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Top 5 Tech-Giant Construction Projects

The B1M | 5:04

Top 5 Tech-Giant Construction Projects

Fred Mills

25 January 2017

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THE LIKES of Apple, Google and Facebook influence the lives of billions around the world every day.

Their platforms make it easy to assume that all of our searching, uploading, downloading, liking, streaming and purchasing is happening in the ether; in some form of virtual world or “cloud” that exists in the air around us.

In truth, their operations require huge physical support infrastructures; vast built assets that are delivered by the architecture, engineering and construction (AEC) industries. Here we take a look at some of the most prominent construction projects commissioned by well-known tech-giants, from data centers in the Arctic, to “gigafactories” in the Nevada desert.


First-up is Facebook’s vast data center in Luleå, northern Sweden.

Completed in 2013, the facility was Facebook’s first data center constructed outside the United States and its location was selected for three reasons:

Firstly, Luleå is positioned just a few miles south of the Arctic Circle with an average winter temperature of -20 degrees Celsius. The building uses industrial-scale fans to draw in the cold Arctic air and cool its servers.

Above: The stark interior of Facebook's Luleå data center and Below: The large fans used to draw in cool Arctic air (images courtesy of Mark Zuckerberg / Facebook).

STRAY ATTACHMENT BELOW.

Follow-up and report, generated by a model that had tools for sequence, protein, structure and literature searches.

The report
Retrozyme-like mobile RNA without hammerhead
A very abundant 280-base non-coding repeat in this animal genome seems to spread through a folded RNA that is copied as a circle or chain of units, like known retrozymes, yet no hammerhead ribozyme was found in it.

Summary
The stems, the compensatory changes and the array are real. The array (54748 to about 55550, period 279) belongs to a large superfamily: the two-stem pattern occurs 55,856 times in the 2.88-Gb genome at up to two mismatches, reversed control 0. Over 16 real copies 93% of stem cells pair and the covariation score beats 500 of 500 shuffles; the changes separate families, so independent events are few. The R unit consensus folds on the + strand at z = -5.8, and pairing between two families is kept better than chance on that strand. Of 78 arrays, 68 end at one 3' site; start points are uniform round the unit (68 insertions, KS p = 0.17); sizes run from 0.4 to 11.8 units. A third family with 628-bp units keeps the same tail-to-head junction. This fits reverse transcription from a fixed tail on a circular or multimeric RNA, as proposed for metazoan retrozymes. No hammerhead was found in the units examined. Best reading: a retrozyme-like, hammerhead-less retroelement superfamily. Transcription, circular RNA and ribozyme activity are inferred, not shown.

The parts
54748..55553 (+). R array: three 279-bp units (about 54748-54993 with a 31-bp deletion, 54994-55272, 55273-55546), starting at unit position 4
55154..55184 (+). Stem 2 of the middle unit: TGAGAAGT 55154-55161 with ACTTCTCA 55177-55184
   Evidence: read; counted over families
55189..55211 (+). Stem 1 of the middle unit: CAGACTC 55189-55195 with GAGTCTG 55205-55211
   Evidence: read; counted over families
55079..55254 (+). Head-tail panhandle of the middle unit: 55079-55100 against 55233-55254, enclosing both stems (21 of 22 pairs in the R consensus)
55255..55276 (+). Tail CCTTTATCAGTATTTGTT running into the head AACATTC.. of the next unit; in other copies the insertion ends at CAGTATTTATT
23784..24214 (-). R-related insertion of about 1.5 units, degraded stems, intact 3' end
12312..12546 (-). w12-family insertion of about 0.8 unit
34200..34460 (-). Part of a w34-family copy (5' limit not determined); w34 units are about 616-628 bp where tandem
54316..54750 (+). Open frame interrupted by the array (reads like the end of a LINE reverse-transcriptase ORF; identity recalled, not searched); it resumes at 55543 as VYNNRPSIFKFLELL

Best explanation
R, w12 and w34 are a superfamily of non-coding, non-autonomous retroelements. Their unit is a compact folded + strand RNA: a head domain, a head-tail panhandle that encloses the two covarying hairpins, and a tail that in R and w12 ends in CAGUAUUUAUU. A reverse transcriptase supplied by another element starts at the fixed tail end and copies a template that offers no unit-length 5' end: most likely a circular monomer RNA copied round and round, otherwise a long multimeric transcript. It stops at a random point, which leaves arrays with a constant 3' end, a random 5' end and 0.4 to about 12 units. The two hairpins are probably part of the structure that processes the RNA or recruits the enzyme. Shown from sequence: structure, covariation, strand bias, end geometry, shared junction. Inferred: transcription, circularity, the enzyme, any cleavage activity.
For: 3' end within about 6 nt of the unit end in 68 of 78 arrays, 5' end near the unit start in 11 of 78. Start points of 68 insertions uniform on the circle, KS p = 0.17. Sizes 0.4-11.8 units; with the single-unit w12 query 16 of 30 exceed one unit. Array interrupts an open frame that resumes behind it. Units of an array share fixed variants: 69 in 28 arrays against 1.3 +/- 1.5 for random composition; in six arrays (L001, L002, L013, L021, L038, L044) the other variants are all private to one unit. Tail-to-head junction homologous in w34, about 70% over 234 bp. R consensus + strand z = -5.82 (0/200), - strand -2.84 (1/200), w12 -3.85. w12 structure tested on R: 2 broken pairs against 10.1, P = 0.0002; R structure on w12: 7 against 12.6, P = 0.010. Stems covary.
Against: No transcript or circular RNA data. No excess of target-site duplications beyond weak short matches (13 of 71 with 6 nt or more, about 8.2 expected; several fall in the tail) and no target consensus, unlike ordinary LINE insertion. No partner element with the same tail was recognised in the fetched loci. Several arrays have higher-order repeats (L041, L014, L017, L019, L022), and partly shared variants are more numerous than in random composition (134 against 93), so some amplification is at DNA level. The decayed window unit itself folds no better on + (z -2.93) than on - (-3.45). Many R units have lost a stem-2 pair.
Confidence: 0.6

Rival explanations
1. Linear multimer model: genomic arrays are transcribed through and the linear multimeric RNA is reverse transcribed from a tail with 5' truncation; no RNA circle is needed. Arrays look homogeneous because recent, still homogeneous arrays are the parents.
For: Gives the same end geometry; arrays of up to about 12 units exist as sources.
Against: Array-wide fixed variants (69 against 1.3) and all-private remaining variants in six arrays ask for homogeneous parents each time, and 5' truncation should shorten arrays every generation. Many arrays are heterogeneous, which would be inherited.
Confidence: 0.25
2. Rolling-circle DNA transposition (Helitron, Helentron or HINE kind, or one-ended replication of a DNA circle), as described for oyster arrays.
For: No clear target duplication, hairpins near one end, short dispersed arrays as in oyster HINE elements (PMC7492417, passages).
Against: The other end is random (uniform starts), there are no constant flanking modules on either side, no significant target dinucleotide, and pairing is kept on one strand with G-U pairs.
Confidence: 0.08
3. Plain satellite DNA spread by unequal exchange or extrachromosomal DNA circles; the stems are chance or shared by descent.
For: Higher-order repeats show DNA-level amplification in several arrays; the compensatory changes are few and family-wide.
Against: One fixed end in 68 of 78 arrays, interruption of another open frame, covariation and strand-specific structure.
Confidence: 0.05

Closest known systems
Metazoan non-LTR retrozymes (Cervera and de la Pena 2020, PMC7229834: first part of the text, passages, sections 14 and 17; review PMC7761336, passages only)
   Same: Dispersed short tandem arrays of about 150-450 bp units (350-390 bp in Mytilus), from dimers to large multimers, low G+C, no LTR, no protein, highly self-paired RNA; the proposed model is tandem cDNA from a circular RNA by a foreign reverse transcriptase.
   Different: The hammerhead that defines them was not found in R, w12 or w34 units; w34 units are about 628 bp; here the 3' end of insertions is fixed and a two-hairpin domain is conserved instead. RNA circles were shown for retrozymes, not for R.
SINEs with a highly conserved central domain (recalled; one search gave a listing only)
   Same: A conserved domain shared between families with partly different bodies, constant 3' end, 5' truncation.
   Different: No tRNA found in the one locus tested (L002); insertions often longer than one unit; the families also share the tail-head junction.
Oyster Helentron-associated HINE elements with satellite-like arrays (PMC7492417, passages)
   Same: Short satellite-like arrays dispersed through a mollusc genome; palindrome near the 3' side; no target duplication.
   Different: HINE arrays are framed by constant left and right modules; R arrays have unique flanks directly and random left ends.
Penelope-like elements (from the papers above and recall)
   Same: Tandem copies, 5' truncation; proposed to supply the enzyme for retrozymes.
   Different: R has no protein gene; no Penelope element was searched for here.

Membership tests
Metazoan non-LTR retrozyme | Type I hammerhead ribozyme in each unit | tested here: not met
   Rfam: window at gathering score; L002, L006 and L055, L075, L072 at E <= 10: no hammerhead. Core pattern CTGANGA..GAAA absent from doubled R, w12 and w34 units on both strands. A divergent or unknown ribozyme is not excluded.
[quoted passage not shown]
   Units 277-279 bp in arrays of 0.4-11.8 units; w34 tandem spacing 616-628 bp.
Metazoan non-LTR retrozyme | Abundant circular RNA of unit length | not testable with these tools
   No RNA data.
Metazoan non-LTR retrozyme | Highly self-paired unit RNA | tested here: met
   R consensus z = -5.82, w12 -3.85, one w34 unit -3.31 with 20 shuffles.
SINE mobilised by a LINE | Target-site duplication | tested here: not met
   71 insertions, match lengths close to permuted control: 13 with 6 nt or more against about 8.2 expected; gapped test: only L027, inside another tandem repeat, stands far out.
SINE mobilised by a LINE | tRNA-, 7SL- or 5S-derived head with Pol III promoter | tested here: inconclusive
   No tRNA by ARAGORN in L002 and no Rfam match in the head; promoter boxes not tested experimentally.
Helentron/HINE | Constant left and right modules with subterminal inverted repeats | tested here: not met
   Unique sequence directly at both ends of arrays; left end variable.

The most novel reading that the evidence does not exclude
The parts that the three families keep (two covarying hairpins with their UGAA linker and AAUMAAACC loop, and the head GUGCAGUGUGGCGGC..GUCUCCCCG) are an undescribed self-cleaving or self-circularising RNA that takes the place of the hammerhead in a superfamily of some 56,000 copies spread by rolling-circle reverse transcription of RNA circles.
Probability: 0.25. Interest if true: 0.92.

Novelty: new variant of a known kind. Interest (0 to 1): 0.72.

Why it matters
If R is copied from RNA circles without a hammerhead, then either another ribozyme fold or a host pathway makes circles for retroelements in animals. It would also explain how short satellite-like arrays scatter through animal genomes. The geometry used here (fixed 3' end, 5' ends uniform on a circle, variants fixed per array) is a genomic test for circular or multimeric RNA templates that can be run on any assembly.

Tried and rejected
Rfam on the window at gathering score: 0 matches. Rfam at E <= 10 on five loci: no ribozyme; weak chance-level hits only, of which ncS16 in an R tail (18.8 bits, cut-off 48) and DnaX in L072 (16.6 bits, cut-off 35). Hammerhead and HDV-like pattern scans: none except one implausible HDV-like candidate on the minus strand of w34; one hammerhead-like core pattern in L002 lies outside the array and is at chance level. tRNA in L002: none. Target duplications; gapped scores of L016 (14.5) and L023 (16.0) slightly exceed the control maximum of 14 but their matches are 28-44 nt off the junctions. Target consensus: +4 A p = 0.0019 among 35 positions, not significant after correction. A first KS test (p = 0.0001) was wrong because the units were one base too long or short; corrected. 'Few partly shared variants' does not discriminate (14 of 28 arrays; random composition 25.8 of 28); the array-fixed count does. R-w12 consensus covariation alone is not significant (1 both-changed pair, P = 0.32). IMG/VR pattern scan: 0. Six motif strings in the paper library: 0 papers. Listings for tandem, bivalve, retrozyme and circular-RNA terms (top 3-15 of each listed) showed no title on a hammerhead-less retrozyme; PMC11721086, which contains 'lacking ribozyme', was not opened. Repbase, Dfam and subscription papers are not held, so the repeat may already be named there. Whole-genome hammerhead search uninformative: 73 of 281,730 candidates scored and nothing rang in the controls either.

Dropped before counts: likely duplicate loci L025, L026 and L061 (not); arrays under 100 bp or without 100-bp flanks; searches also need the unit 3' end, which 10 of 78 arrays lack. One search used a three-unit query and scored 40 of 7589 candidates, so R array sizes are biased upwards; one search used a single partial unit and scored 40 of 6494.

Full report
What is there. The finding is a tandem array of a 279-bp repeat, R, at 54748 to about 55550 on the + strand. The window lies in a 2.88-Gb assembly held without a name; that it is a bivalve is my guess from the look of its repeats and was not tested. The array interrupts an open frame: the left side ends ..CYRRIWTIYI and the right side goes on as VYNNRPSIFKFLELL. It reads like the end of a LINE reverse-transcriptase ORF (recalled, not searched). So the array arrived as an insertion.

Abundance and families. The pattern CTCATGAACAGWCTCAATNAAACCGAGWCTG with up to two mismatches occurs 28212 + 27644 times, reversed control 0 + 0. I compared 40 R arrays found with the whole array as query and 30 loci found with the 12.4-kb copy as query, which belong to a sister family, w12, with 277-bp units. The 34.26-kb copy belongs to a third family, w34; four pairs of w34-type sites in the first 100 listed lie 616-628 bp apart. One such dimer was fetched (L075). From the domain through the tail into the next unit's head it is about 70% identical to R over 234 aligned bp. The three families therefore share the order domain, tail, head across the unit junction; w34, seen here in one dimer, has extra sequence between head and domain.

Whilst still using energy to drive the fans, this approach is significantly much more efficient and environmentally friendly than the extensive air conditioning systems found in older centers. It also moves Facebook closer to their aim of running all their data centers on 50% clean and renewable energy by 2018.

"The building uses industrial-scale fans to draw in the cold Arctic air and cool its servers"

Secondly, the location was chosen for its energy supply. Historically, Sweden built a number of hydro-electric dams for its steel, iron ore and paper/pulp industries. These sectors have since declined, leaving a significant power surplus in the northern part of the country that Facebook are now helping to soak up.

Sweden is also one of the most stable places in the world; seismic activity is extremely low and its last formal war was in 1814.

Above: The data center was completed in 2013 (image courtesy of Mark Zuckerberg / Facebook).

Commenting on the facility, Facebook’s Vice President of Infrastructure Tom Furlong said that: “Architecturally, these are big buildings. They are not the Shard in London or the Freedom Tower in New York, but as buildings put up for a purpose they are pretty darn good.”


In at number four is Samsung with their new US headquarter building in San Jose. At over 1.1 million square feet (equivalent to around 102,000 square meters) the facility is the largest office in North America (source).

Its wafer-like form is inspired by the composition of a microchip and its open-air levels create green breakout spaces for reflection, relaxation and development of wellbeing.

Above and Below: Samsung's new home in San Jose, California (images courtesy of Tim Griffith [above] and Sean Airhart [below]).

The building is split into two divisions – one focusing on research and development, and the other on sales – and goes out of its way to try and entice the very best talent in Silicon Valley’s highly competitive recruitment market.


Next up is Google’s widely-publicised new UK headquarter campus, due to be constructed in London.